A Mathematical and Data-Driven Approach to Intrusion Detection for High-Performance Computing
In this project, CRD researchers developed mathematical and statistical techniques to analyze the secure access and use of high-performance computer systems. The project was funded by the U.S. Department of Energy's Applied Mathematics Section.
The overall goals of the project were to develop mathematical and statistical methods to detect intrusions of high-performance computing systems. Our mathematical analysis is predicated on the fact that large HPC systems represent unique environments, quite unlike unspecialized systems or general Internet traffic. User behavior on HPC systems tends to be much more constrained (often driven by research deadlines and limited computational resources), and is generally limited to certain paradigms of computation (the set of codes performing the bulk of execution provide a rich source of information). In addition, the collaboration networks of users on an HPC system exhibits special characteristics than can be exploited to detect misuse or fraud. In this research work, we employed real system data, which we have obtained in collaboration with staff in the NERSC Division of LBNL.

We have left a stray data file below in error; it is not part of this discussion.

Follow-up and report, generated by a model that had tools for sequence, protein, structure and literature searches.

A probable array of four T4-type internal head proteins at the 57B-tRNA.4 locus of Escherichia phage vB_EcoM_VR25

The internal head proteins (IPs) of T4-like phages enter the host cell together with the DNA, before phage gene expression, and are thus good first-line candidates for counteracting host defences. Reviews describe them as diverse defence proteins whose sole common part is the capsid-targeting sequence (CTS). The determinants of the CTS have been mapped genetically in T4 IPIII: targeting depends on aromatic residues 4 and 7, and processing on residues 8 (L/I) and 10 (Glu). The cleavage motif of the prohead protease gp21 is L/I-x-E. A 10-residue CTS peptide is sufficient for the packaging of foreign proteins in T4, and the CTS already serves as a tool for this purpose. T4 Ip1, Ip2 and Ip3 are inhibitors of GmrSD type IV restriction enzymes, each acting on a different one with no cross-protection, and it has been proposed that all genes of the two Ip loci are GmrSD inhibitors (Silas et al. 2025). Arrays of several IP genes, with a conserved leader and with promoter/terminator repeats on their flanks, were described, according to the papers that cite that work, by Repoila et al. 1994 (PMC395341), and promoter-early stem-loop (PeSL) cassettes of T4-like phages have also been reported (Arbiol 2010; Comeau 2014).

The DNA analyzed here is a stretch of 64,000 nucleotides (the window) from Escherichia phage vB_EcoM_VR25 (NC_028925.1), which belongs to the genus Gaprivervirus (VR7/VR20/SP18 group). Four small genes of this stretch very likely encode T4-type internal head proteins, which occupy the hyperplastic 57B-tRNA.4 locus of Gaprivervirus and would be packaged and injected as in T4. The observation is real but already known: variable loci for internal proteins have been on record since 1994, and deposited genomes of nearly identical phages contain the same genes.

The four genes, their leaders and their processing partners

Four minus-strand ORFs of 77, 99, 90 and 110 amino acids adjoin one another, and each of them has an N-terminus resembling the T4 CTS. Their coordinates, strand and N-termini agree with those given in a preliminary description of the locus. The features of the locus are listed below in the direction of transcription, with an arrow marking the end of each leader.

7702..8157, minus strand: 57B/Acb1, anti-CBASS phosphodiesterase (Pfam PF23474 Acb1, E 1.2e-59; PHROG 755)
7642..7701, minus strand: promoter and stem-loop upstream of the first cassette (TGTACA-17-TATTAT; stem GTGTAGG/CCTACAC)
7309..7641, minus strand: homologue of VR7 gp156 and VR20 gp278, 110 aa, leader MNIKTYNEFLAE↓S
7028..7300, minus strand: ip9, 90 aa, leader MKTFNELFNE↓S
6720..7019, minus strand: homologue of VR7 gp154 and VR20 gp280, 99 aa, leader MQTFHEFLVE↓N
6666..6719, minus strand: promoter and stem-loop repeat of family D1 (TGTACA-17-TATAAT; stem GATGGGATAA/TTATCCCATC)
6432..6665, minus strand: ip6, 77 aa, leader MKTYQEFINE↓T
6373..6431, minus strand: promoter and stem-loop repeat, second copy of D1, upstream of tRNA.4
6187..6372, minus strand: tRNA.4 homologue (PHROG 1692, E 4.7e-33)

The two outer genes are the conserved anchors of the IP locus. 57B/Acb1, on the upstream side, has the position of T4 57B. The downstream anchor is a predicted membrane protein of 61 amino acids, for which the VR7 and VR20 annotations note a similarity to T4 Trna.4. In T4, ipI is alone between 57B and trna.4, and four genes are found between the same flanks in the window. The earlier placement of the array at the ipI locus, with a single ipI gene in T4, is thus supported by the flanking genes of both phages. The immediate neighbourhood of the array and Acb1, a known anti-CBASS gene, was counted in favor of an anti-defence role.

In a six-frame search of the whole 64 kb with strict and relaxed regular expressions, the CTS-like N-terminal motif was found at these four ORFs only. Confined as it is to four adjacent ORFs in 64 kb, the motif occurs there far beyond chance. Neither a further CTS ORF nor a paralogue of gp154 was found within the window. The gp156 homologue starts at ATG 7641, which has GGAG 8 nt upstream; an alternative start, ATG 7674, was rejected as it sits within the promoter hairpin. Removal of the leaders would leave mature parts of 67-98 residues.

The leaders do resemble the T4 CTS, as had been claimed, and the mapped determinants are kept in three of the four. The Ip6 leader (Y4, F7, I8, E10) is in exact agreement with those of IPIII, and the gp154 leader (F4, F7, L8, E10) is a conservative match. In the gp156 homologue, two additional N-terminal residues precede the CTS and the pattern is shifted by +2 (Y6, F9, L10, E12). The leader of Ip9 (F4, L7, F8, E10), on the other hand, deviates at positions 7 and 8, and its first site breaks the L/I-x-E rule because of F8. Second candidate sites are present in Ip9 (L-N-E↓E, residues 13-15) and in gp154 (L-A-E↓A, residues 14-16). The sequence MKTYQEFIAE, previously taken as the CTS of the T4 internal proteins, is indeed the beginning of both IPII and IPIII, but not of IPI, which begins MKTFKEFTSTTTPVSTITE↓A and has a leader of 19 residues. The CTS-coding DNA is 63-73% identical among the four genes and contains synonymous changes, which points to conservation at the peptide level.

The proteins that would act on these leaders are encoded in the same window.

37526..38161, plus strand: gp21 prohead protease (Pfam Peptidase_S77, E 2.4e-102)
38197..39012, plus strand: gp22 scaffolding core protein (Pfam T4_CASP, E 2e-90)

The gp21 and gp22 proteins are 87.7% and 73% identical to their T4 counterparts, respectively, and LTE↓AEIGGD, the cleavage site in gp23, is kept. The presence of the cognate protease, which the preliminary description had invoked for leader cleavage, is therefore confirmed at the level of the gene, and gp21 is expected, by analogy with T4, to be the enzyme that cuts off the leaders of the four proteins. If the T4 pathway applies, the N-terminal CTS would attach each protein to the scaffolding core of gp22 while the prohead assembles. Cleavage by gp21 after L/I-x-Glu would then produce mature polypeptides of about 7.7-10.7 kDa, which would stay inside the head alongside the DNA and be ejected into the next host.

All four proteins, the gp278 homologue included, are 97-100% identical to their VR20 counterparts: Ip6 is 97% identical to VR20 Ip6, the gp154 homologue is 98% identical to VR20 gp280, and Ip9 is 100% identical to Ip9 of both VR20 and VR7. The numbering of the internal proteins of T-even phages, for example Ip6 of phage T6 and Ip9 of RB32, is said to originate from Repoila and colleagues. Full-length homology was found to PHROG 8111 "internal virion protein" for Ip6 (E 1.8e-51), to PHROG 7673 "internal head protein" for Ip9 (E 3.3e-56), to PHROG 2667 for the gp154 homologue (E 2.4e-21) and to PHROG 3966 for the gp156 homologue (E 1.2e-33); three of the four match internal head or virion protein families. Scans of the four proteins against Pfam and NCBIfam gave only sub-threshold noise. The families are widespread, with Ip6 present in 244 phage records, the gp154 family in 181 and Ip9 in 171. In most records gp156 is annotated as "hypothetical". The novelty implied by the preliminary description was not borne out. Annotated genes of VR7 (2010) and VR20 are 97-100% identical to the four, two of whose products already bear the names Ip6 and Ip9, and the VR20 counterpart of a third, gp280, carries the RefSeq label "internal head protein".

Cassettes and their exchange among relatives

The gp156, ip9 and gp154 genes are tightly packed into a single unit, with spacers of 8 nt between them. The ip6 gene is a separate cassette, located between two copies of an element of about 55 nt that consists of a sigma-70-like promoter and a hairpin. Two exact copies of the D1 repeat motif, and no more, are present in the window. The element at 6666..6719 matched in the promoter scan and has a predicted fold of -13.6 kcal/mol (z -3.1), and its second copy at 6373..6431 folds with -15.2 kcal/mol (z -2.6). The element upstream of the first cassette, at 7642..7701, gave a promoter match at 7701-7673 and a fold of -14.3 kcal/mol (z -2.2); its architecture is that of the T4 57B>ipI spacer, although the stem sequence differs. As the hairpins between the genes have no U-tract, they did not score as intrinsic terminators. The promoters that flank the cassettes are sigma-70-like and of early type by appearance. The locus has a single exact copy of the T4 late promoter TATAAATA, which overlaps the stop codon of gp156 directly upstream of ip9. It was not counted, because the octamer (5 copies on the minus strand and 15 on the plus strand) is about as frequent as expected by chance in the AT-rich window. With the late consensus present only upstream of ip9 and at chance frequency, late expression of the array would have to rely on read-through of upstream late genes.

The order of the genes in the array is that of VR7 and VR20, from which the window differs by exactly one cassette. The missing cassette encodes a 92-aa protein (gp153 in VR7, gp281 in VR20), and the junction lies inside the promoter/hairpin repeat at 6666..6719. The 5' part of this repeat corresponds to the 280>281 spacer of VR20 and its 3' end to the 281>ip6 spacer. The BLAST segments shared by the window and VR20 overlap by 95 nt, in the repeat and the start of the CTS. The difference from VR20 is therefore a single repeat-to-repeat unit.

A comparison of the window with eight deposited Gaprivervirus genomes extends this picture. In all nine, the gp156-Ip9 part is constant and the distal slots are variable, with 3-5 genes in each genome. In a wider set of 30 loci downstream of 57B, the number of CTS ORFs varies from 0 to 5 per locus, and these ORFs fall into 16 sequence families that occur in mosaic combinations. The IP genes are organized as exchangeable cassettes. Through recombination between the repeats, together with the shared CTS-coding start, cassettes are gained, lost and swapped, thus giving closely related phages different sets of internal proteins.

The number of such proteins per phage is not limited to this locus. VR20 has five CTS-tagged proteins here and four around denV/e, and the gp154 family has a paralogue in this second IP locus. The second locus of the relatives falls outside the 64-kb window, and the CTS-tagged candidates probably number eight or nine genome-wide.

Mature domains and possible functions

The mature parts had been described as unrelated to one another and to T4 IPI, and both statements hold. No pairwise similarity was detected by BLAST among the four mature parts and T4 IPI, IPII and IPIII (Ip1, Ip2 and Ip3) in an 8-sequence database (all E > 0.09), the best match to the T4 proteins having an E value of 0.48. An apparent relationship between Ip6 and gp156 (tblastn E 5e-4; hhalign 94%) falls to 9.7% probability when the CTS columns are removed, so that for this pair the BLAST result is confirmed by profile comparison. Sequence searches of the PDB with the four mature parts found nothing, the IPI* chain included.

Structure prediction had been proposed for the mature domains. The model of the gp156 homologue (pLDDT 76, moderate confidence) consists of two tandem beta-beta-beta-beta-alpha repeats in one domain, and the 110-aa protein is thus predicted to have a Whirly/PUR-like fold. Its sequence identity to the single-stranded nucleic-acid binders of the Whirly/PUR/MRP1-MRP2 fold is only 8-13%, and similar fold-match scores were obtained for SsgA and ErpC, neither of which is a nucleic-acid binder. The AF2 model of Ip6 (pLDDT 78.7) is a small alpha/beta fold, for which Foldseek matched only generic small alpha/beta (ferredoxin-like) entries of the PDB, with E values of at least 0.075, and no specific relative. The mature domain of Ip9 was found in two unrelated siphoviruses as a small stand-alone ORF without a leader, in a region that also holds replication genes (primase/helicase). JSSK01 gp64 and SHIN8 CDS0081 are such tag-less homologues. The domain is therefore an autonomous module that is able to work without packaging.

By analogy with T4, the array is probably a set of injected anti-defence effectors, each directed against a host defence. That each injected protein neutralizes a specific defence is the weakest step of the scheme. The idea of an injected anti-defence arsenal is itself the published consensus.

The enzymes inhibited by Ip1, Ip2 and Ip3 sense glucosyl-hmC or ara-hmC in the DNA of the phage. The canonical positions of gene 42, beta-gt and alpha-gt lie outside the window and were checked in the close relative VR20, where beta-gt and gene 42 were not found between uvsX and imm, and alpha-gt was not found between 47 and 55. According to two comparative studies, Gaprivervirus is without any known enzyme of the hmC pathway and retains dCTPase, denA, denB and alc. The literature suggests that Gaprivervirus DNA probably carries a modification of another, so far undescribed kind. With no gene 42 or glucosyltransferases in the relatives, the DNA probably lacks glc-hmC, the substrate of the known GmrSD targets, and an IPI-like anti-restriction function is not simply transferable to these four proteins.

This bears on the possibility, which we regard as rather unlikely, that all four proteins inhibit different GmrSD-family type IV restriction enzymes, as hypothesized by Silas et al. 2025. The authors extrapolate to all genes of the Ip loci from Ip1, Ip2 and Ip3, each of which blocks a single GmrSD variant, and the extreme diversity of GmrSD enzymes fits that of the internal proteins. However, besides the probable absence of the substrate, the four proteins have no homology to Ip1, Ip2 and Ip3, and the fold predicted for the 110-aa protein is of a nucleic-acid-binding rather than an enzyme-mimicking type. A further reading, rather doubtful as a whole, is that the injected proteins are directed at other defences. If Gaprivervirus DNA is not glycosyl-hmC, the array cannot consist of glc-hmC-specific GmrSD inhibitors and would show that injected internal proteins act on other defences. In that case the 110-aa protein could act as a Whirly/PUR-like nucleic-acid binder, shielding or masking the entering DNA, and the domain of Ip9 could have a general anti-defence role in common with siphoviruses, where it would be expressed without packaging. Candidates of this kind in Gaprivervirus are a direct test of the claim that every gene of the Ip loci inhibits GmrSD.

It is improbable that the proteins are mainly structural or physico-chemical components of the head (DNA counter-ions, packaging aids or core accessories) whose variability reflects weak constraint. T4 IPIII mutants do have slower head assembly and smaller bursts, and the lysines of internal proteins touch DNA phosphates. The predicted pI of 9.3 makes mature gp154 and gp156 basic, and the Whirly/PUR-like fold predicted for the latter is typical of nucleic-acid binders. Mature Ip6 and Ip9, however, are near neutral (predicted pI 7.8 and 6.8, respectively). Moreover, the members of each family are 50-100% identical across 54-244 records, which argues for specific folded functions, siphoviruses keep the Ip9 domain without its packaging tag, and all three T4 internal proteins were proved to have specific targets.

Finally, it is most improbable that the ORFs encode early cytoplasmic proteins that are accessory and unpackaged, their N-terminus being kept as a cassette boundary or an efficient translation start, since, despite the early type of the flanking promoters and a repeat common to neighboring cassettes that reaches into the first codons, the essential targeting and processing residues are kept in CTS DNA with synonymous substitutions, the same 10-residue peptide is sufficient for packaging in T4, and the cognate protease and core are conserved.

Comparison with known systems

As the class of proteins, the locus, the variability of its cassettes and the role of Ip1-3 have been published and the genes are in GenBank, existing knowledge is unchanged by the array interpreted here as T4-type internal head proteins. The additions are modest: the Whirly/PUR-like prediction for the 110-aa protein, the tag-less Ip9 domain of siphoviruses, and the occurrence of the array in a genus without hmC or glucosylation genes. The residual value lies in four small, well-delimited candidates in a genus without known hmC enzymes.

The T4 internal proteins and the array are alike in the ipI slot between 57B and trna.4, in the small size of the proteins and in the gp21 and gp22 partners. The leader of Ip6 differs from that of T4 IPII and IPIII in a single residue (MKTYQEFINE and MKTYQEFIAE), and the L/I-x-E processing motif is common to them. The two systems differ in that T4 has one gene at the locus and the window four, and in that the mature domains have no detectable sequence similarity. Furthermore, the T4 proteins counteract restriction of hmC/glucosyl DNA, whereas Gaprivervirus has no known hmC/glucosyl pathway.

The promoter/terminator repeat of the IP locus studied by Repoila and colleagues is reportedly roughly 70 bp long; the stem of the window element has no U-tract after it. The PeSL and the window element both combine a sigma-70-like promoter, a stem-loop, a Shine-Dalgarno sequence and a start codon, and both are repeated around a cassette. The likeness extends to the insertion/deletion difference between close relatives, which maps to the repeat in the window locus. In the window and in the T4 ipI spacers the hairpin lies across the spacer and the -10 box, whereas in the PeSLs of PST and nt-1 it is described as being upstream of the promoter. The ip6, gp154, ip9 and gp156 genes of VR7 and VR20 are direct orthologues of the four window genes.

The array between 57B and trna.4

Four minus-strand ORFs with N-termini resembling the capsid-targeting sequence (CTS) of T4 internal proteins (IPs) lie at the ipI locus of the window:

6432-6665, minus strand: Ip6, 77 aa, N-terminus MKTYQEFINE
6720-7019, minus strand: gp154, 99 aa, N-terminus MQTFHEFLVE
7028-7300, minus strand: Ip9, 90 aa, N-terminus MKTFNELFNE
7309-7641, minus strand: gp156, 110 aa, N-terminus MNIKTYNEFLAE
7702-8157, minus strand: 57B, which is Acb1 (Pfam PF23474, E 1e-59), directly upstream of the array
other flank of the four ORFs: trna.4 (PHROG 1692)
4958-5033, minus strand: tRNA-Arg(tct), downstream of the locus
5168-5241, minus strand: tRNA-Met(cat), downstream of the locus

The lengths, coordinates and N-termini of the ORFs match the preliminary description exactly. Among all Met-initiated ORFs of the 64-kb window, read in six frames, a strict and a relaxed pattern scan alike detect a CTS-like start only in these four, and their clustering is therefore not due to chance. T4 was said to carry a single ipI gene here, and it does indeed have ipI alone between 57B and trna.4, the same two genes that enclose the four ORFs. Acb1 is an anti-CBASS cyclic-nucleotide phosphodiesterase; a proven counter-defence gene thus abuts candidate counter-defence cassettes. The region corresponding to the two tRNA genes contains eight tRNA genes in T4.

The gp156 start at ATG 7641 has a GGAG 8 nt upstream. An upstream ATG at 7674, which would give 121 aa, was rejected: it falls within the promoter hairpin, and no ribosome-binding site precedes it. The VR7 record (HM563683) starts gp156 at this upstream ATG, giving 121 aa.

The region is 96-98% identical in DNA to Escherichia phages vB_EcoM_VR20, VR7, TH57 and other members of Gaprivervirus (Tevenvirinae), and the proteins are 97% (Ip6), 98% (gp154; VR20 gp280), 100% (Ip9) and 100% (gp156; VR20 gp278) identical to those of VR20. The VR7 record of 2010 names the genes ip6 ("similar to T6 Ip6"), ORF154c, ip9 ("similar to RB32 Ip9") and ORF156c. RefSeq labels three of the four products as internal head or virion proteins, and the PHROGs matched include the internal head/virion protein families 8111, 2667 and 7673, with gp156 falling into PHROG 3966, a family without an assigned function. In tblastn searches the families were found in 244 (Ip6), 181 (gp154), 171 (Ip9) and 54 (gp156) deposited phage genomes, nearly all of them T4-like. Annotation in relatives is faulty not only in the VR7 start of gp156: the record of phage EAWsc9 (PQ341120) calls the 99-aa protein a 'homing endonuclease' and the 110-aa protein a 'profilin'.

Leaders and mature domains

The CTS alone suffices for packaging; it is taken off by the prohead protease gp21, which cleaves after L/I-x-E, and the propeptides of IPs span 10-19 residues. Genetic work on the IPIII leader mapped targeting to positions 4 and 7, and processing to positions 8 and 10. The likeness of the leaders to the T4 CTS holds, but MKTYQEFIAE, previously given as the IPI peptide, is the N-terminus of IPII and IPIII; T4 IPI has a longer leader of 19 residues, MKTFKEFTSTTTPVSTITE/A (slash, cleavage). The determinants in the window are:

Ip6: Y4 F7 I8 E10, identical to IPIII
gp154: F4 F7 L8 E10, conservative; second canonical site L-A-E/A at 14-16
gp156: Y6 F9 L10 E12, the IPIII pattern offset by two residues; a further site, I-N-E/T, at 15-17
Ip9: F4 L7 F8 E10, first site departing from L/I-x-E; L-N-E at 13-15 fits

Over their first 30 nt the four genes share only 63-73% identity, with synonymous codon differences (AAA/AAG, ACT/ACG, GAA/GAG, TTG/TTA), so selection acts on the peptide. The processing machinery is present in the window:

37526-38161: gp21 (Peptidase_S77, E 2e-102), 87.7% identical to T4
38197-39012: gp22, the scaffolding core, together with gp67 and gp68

LBNL was this lead institution for this activity, which also involved the University of California at Davis (UC Davis) and the International Computer Science Institute (ICSI) at UC Berkeley through LBNL subcontracts. Over the course of the project, LBNL senior investigators included Deb Agarwal, David H. Bailey (PI), Scott Campbell, Juan Meza, Sean Peisert, Taghrid Samak, and Alexander Slepoy. The UC Davis senior investigators were Sean Peisert (joint appointment) and Matt Bishop. ICSI senior investigators included Vern Paxson and Robin Sommer. The research team was supported in their software development and data collection techniques by the staff at the National Energy Research Scientific Computing Center (NERSC). A variety of students and postdocs at the Berkeley Lab, UC Berkeley, and UC Davis, were also involved, as were external collaborators (not funded by this grant), at Mt. Sinai School of Medicine and the University of San Francisco.
Recent work included:
- The adaptation and development of a "rule-ensemble" technique from the field of mathematical statistics to accurately and economically finds class labels, and to determine which parameter constraints are most useful for predicting these labels.
- The development and application of a technique of fingerprinting computation on HPC machines based on network theory and machine learning.
- An examination of Domain Name Server (DNS) traffic using entropy analysis.
- Development of data sanitization techniques, so that real cybersecurity data can be shared with a wider community of researchers without compromising user privacy.
- Development of a script to generate a set of synthetic jobs, which then can be used to test job fingerprint algorithms.